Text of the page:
The Marls are a perfect study of planetary evolution. They are the last part of this region to emerge from the sea. Depending on the outcome of todays "climate change", in half a millennium, they will disappear or be dry land. Stay tuned.
This area of Abaco wouldn't have been written about a few years back. It is the domaine of the bonefisherman and more recently the ecotourist where the Sky Meets the Sea. Lets face it there are lots of great Bonefishing spots throughout the Bahamas and there are lots of great spots throughout Abaco as well. But there is none as large and prolific as The Marls.
The Marls are located on the less beachie western or "Back side" of Abaco. They are seldom seen by tourists. Actually it they look pretty grungy on your planes approach to Marsh Harbour because of the accompanying mud flats. The Marls are a vast swathe of shallows and wilderness flats punctuated by mangrove stands and long considered one of the most unique and productive fisheries in the Bahamas. They extend 30 miles north to south and about 10 miles off Abaco’s west of Marsh Harbour. Here you will find mile after mile of flats, mangroves and creeks providing the perfect habitat for bonefish to wading birds. It is not suggested you go it alone here unless one knows the area as it is easy to get lost. A guide is recommended and they are numerous. Fishing lodges have sprung up catering to bonefisherman. Most all are in southern mainland Abaco. Many of the guides have formed The Abaco Flyfishing Guide Association. Guides from northern Abaco and the Cays are also listed. In addition we have updated our listing on our Accommodations & Services page.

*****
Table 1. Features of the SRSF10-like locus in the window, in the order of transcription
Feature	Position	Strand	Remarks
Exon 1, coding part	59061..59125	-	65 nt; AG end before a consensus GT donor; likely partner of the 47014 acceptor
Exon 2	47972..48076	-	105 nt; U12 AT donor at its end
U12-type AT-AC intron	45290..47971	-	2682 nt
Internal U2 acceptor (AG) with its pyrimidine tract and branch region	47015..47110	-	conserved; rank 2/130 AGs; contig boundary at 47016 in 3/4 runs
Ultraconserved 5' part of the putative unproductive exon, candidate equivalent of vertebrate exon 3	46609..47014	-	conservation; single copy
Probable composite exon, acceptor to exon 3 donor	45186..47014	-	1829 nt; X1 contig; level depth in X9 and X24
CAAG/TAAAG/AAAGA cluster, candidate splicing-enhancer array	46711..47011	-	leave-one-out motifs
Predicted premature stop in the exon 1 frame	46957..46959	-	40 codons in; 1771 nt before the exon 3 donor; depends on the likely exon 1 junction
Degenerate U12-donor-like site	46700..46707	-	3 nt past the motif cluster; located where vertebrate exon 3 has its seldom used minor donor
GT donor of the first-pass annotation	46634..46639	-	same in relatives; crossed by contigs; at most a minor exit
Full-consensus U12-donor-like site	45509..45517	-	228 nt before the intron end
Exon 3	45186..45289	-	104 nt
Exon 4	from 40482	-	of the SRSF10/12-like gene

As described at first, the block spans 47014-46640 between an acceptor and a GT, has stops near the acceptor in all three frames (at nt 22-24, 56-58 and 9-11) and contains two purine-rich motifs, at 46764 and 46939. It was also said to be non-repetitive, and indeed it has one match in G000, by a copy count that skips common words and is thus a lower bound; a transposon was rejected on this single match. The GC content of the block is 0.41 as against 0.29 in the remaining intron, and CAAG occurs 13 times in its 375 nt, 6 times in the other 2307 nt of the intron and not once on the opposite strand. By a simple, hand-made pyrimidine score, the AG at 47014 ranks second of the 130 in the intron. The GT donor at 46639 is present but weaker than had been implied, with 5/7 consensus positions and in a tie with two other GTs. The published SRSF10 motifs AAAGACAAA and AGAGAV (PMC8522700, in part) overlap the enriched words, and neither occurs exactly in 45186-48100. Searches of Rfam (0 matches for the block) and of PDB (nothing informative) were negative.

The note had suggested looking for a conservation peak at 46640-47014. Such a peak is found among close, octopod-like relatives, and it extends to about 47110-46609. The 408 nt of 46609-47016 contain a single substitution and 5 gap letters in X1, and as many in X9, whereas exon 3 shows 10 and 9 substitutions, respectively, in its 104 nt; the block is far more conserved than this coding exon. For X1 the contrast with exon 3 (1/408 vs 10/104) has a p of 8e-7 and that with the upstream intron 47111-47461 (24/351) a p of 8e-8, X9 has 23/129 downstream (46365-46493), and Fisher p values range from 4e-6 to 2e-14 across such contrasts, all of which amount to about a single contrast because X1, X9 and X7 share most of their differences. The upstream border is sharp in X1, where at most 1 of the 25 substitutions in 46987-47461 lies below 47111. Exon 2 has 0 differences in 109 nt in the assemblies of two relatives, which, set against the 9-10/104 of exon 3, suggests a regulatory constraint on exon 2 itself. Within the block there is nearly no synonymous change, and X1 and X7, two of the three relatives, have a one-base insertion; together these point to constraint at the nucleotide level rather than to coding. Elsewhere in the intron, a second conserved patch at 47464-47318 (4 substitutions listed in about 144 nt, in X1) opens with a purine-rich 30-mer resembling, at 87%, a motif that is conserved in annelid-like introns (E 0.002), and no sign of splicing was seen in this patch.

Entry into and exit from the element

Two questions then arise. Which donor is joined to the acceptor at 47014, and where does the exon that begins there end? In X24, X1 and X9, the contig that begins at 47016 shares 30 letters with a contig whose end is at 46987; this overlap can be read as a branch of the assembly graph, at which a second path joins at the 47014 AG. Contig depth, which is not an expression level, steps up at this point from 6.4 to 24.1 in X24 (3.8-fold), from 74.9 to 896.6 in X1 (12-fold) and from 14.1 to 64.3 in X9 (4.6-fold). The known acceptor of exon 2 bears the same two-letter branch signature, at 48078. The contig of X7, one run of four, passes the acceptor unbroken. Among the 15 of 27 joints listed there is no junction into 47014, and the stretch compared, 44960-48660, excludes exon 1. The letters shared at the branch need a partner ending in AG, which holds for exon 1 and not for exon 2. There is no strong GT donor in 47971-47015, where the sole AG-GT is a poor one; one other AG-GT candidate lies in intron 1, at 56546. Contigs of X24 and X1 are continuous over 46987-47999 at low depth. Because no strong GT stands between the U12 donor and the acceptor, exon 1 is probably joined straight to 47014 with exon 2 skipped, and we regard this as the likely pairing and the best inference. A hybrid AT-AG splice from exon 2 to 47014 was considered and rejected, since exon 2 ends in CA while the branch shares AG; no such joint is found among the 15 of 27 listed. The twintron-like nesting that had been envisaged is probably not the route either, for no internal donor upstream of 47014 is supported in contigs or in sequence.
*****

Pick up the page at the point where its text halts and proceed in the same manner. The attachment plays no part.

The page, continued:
The second item of interest in The Marls is for the ecotourist. This writer couldn't think of a better adventure than a kaiak tour under the mangrove canopy found in parts off the Marls. Once immersed one experiences its natural and unique beauty occasionally paddling over a blue hole and observing its bird life. In 2012 a pair of stray Manatees showed up. Along the creeks you can see eagle rays, small reef sharks and sea turtles. Due to the relative isolation of this region and low human contact, wildlife flourishes.
Seems the main player in this Part of Abaco is Ricky Johnson of Abaco Nature Tours. His website is still under development but can be reached at (242) 577-0004. I strongly recommend Mary's Blog who's picture is above, for an account of her excursion with Rick. Still more information can be found at the Bahama Costal Angler.